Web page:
Critics can be really useful. I’ve lost count of the times I’ve trawled the internet looking for reviews, desperate to know if the dye I’ve just bought will turn my hair ‘bright pink, never again, two stars’ or ‘a beautiful chocolate shade’ which I’ll ‘DEFINITELY BE BUYING AGAIN :))))’. I want to know if that dress will come up two sizes too small, if that film is worth seeing or if that book is as good as everyone says. That’s not to say I don’t form my own opinions, but if I’m undecided about something then reading criticism or praise is going to sway me, I’m only human. In this case, I love critics. I thank them. But not always.
As I’ve said, sometimes I am absolutely desperate to know what people think. If that dye is going to turn my hair pink, I need to know. What I don’t need to know is the world’s opinion on my hair if it did, because every single one would be wrong. Girls, boys, teachers, employers, all would do the same if I walked in with unnaturally bright pink hair, looking like a human candy floss. ‘What an attention seeker.’ ‘Poor girl, dye job must have gone wrong.’ ‘She must be a trouble-maker. That pink hair is just SCREAMING that she’s going to be difficult to teach/work with/get a word in edgeways over.’ In my case, the ‘dye job gone wrong’ scenario would be pretty accurate. But none of these people would KNOW that for certain. I might actually quite like looking like a human candy floss. I could be the shyest, most hard working person who just happens to have pink hair. But they would all be making assumptions based on a judgement that it took them 10 seconds to make and possibly hours, weeks, months to rectify.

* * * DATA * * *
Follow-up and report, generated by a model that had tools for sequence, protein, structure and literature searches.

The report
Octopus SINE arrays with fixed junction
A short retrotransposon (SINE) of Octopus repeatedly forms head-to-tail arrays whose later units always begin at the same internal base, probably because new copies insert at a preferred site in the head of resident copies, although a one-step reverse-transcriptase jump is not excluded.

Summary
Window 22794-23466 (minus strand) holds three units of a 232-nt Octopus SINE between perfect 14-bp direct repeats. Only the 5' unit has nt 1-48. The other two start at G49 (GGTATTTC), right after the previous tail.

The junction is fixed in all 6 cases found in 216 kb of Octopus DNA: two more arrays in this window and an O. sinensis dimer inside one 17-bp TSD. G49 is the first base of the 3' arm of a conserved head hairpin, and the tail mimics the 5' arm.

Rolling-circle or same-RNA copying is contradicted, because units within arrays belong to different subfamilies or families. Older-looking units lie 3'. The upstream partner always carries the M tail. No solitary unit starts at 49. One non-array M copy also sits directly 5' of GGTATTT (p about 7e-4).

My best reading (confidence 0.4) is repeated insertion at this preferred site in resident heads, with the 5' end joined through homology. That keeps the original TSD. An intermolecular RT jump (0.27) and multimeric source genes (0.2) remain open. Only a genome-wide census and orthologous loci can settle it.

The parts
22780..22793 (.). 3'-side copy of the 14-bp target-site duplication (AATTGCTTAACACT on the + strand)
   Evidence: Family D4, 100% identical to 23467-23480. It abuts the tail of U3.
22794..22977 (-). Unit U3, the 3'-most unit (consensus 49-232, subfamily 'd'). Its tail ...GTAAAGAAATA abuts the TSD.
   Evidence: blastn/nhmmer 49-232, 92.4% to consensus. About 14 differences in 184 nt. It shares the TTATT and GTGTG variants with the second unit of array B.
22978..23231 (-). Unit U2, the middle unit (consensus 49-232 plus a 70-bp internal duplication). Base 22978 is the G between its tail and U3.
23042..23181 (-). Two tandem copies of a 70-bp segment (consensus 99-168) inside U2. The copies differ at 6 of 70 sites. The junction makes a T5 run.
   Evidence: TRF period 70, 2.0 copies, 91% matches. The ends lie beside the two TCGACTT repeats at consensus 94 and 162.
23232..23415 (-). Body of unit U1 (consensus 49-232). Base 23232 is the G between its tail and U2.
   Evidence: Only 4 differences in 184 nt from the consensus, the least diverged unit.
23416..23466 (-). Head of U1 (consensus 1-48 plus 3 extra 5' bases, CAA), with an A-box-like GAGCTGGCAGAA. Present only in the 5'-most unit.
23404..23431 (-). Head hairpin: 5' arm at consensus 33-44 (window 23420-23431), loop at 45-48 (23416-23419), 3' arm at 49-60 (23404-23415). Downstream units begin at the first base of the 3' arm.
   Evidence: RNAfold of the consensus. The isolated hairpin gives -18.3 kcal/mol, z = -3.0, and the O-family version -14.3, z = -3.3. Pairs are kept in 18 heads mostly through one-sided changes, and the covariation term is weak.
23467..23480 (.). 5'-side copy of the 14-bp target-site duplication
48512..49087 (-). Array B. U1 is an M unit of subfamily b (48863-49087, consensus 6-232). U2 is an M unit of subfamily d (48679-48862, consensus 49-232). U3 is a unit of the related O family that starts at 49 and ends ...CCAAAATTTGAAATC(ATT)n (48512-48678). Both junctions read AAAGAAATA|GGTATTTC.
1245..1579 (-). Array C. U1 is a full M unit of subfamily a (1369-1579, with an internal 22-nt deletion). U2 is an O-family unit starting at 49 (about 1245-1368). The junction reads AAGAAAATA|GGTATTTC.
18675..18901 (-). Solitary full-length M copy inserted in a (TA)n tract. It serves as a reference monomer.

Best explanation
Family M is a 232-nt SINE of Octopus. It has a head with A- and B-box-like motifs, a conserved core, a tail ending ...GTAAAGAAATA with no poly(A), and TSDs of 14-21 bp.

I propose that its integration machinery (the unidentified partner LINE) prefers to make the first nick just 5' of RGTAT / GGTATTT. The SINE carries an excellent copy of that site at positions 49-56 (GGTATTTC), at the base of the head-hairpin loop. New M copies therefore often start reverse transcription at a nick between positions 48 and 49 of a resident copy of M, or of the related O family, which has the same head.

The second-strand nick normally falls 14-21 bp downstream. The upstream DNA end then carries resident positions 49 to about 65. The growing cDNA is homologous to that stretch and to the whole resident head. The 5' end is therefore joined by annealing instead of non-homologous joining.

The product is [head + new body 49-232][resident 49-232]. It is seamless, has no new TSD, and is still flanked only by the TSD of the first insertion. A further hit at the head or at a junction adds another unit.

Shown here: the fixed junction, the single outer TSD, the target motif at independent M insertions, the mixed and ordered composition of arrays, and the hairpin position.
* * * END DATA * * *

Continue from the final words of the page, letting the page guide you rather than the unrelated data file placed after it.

From an early age, we ask questions. We don’t know where places are, what happened 100 years ago, what certain words mean. So we’re given answers, facts, definitions. But it seems that childish need to have all the answers and define everything never goes away. Learning is beautiful, don’t get me wrong, but attempting to define people based on their appearance isn’t. Nobody’s hair colour, skin colour, clothing, height or weight can 100% tell you if they’re sweet, shy, intelligent, funny, if they enjoy sports, if they’re artistic…
There is no evidence at all that a boy in a Lady GaGa t-shirt is gay, or that a girl in a short skirt has an outrageous amount of sex, and if even if those assumptions were true then there would still be no reason to judge! Likewise, there’s no proof whatsoever that a slightly rotund individual has never exercised or eaten healthily, or that a petite girl must have an eating disorder. I myself was tactlessly and bluntly asked by a co-worker when we first met if I was bulimic, as I happen to be quite small. It’s sad that that was her immediate thought process, rather than ‘She’s new, she seems nice, I’ll get to know her.’
There is simply no way that someone’s appearance can define somebody as a person. Yes, clothes and hair colour are expressions of self, but expression is open to interpretation and can be easily misunderstood. So let me just ask you this; if we have to research the promises of cosmetics, the plots of films or books and the sizing of clothes, and read first-hand experiences from people who’ve encountered these products all before we make an informed decision… can we not get to know people first too?